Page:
June 15, 2005
As far as I can fathom, there are three explanations for the apparent “conundrum” that Fed Chairman Alan Greenspan continues to address.
The conundrum is that yields on ten year government bonds are lower today than they were when the Federal Reserve began raising their interest rate targets from 1 percent about a year ago. Normally, such as in 1994, the initial increase in short term rates leads to higher long term rates as well. Some rise in long term rates initially happened but then rates settled back to less than 4 percent yields.
Explanation one is that the Fed has achieved balance in the bond market and no longer needs to raise short term rates. A realization that no further gains in short rates, if it is correct policy, would establish the normal 0.9 to 1.2 percentage point gap between overnight and 10 year money that investors normally believe to be necessary to compensate for risks of rate fluctuations over a ten year period.
While some TV analysts are making the above case, it almost certainly is not correct. Even Dallas Fed President Dick Fisher expects at least one more increase in short term rates. That would provide only about a 0.65 percentage point compensation for the market risk faced by investors over ten years. Historically, that is not enough.
Furthermore, economists and futures markets for federal funds all believe that a minimum of 3.5 percent rates will be reached for overnight money. This is inconsistent with 10 year yields below 4 percent when bond markets are in balance.
Explanation two is that the Fed will push until a recession is inevitable in the next few years. Then rates will need to be cut sharply again to restore economic growth. Over the next ten years, that would mean a period of low overnight rates can again be expected despite the current increase in those very rates.
A ten year bond with the same credit risk should provide a yield equivalent to all the overnight rates expected over those ten years (along with an insurance premium for forecast error, which is the reason for the additional yield). So, investors may be forecasting significant weakness, requiring Fed intervention with lower rates in the not too distant future.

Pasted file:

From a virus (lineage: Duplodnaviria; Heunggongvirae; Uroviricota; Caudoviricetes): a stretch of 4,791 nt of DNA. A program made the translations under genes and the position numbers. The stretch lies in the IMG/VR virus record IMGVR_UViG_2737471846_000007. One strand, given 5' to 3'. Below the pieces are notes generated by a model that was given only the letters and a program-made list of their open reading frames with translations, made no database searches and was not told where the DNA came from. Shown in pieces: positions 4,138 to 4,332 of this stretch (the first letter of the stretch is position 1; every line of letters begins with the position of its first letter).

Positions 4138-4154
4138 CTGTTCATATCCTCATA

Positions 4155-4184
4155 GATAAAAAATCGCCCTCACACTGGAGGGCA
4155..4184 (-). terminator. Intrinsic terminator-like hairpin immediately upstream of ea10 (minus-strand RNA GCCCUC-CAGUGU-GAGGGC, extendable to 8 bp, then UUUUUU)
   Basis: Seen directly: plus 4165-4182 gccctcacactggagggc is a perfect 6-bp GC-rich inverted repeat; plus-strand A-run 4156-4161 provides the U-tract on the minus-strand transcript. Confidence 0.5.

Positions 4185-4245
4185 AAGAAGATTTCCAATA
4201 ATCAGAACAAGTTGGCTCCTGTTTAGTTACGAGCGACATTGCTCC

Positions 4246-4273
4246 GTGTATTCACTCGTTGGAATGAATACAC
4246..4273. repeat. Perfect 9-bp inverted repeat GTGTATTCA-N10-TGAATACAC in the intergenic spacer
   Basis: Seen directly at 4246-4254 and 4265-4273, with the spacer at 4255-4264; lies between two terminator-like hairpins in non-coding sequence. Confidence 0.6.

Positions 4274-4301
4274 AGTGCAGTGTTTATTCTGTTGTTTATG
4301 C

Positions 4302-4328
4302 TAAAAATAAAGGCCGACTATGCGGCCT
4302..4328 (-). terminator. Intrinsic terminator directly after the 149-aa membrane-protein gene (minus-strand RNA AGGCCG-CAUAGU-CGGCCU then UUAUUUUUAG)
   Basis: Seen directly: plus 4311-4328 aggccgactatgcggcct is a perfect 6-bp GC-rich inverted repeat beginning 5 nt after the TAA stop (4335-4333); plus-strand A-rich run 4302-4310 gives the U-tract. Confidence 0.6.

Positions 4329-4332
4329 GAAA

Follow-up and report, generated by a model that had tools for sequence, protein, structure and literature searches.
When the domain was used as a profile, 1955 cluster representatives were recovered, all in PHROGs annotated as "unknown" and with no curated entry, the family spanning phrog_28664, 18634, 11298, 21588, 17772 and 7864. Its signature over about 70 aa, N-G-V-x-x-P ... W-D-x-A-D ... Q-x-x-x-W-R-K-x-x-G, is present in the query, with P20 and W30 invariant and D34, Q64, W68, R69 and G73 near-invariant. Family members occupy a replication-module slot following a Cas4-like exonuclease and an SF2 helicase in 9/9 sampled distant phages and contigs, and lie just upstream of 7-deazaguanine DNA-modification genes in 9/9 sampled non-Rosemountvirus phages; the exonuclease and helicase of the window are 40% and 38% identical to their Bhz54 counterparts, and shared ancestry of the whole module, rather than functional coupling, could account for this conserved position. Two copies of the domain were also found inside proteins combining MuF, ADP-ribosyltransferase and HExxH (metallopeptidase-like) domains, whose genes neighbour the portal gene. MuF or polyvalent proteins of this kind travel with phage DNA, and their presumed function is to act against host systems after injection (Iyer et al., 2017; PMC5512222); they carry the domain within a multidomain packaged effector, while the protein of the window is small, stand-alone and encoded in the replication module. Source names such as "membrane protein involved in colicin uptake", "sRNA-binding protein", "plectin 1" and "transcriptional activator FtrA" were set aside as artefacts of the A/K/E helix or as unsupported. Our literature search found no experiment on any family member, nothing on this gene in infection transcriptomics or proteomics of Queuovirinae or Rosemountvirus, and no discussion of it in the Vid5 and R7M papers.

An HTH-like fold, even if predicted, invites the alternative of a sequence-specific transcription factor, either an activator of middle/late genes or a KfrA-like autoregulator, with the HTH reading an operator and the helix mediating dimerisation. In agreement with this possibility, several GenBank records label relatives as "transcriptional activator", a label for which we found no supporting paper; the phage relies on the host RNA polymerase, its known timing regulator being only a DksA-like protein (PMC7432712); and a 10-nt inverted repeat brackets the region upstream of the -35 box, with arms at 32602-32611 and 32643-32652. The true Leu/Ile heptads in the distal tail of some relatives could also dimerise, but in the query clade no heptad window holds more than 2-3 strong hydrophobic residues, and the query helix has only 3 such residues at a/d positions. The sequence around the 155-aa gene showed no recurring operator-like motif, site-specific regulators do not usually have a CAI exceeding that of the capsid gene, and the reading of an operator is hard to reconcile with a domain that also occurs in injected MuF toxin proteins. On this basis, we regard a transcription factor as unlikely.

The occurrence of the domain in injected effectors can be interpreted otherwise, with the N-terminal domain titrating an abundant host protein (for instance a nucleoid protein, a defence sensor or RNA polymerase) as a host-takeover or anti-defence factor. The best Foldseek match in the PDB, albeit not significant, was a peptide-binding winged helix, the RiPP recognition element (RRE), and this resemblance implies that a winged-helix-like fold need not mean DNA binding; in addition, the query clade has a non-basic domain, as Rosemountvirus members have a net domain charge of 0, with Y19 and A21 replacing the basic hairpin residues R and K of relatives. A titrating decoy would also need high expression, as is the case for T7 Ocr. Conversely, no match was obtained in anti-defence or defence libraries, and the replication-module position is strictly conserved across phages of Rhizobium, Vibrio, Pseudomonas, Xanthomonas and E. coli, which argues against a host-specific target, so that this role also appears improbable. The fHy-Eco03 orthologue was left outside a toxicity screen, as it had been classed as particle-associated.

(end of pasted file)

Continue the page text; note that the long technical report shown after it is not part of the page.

Wall Street analysts have discovered that higher short term rates than long term rates almost always predicts a recession ahead (about 11 to 18 months ahead). We do not yet have such a condition, but further increases in short term rates could bring that about.
I will not deny that a recession is possible if the Fed persists in raising short term rates. However, if such weakness occurs, I think it already is baked in the cake without further Fed action. Just as the bursting of the internet bubble led to a recession, the bursting of a real estate bubble could do the same.
The conundrum is that if the Fed does not raise rates, the bubble will grow until it bursts on its own, much as the speculation in Japan did in the latter 1980s. If the Fed raises rates to starve the bubble, the higher rates could cause recession (though not as severe as the one that happens if the bubble bursts). Could the Fed already be faced with the undesirable choice of staging a mild recession to avoid a substantial one?
Clearly, long term bond investors think the recession prospects no longer are minor.
Explanation three is that the world has so much liquidity that Fed action to exhaust that liquidity will not be very successful. The European Central Bank has been holding rates down regardless of economic growth in Europe. They now are confronted with economic slowing amid little ability to use stimulative monetary policy, because they never removed such accommodation.
Because economic growth looks less appetizing in Europe, monetary accommodation is flowing to China and then to the United States. As I have mentioned in previous columns, those world nations that are running large trade surpluses have a more than normal desire to hold 10 year U.S. government bonds.
I think reality is a little bit of explanation two and a great deal of explanation three. If so, the Fed should continue to establish neutrality in overnight bond rates, even if those rates jump above the 10 year yield. If this creates recession, then recession probably cannot be avoided. To follow an alternative policy could create an even greater fallout when rising housing equity that is feeding consumption eventually stops, as it surely will.